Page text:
Former UNC OL Ryan Hoffman is homeless in Florida

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Former North Carolina offensive lineman Ryan Hoffman is homeless and battling mental illness.

Ryan Hoffman (right) of North Carolina competes in a game in 1997. (Getty)
Ryan Hoffman (right) of North Carolina competes in a game in 1997. (Getty)

A sad and must-read profile from the New York Times

details Hoffman's search for money and places to sleep, his lack of short term memory and his battles with addiction.

He said he started having dangerous thoughts when he was a senior at North Carolina in 1997. He started putting things in plastic bags around his residence to remember where they were. He wasn't drafted in the NFL draft and things spiraled after college.

From the Times:

After graduation, Hoffman moved into his father’s house in Florida, jobless and without direction. He struggled to sleep. He complained of headaches and dizziness and of hearing loud noises like shotgun blasts inside his head and of seeing flashing lights. In college, Hoffman’s worst offenses were speeding tickets and fishing without a license. Now he was getting into fistfights on a regular basis, getting arrested, stealing, using marijuana, abusing Valium.

Doctors couldn’t figure out what was wrong. They prescribed Xanax and Adderall, and diagnosed a laundry list of psychological disorders: depression, schizoaffective disorder, manic depression, borderline personality disorder, anger impulse control disorder.

Soon, Hoffman was divorced and he couldn't hold a job.

His sister thinks Hoffman could have CTE (chronic traumatic encephalopathy). CTE is caused after repeated head trauma and has been found in the brains of former football players. However, CTE can't be diagnosed until after death. It was found in the brains of former NFL linebackers Jovan Belcher and Junior Seau. Belcher killed his girlfriend before he committed suicide at the Kansas City Chiefs practice complex and Seau also killed himself.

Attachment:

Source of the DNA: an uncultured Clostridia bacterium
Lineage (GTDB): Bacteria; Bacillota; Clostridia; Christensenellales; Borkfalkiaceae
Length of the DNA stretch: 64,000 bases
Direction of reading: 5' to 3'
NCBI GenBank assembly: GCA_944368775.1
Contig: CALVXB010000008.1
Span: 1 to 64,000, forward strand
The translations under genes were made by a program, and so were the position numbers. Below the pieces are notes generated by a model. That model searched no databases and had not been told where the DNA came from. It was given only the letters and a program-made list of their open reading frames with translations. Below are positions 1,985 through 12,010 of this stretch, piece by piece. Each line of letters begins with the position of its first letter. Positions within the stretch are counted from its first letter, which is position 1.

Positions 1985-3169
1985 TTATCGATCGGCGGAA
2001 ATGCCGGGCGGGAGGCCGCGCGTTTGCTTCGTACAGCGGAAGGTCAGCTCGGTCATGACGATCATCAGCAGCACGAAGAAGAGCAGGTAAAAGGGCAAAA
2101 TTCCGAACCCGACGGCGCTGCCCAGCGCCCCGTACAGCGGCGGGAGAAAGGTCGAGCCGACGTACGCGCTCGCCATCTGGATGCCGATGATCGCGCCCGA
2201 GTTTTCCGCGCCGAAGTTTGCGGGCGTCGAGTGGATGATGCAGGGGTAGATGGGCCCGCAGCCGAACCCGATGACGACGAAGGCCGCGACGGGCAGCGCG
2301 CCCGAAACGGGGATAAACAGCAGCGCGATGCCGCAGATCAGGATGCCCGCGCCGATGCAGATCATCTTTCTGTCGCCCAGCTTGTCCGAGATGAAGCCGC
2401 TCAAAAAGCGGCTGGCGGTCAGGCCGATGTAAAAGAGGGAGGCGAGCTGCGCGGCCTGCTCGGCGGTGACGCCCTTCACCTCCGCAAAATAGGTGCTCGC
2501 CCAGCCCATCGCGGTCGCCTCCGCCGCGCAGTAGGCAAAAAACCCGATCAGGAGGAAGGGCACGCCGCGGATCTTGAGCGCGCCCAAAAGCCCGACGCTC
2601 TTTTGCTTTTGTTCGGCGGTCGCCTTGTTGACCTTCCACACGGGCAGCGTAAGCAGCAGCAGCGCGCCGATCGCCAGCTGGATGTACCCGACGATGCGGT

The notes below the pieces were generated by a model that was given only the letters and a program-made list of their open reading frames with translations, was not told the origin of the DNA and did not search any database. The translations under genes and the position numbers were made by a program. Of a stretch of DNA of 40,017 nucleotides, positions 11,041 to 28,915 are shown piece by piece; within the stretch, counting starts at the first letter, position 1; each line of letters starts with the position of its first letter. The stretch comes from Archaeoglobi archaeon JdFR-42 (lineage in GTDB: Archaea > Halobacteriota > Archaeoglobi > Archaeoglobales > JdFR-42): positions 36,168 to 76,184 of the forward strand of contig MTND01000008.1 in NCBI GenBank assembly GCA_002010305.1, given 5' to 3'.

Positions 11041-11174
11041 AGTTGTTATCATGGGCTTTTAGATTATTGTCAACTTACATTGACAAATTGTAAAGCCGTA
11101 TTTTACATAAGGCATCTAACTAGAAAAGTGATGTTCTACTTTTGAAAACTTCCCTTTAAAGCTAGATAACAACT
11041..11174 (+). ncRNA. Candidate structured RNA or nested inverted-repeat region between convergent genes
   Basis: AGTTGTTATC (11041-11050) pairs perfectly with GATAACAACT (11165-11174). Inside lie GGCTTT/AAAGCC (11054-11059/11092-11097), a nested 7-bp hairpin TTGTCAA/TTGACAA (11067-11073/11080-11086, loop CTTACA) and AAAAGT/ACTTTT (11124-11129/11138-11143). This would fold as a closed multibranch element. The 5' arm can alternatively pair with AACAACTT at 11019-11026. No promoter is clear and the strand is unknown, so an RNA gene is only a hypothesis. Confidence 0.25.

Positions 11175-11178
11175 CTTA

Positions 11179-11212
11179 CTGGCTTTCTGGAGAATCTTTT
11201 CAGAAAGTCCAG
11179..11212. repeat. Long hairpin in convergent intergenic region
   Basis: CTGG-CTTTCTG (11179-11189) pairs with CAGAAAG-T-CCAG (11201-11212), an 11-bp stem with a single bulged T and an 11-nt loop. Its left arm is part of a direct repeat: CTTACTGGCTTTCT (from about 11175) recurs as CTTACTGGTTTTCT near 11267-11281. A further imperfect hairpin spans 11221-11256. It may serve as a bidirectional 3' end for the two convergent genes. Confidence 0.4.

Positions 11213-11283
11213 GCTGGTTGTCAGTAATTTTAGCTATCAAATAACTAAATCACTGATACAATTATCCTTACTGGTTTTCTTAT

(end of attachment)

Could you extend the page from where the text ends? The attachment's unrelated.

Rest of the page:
“That’s exactly when I thought: ‘Oh my God, football. Football did this to Ryan,’ ” Kira Soto told the Times. Their mother, Irene, felt relieved that the family finally had an answer. Their father, Chad, said that while mental illness runs in the family and could have contributed to Ryan’s decline, he also believes football has permanently damaged his son.

Hoffman says he remembers having one (diagnosed) concussion in college but also details a time in high school when he threw up multiple times after a game. As we know, the concussion protocols being developed today weren't even a thought back in Hoffman's playing days. It's why there's currently lawsuits accusing the NCAA of not protecting its players.

Even if Hoffman was to get a part of a possible settlement from the NCAA regarding head injuries, it wouldn't be much. And besides, could he even collect it? He's lost, among other things, his government ID. He hasn't gotten a new one.

“Those are the players who are being left behind in this whole concussion debate and, unfortunately for some of them, it’s a life-or-death issue,” said Ramogi Huma, president of the National College Players Association, the newly formed college players union. “But even if the N.C.A.A. paid a billion-dollar settlement, it may not be enough to help all the college players suffering right now. There are just too many of them.”

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Nick Bromberg is the assistant editor of Dr. Saturday on Yahoo Sports. Have a tip? Email him at nickbromberg@yahoo.com or follow him on Twitter!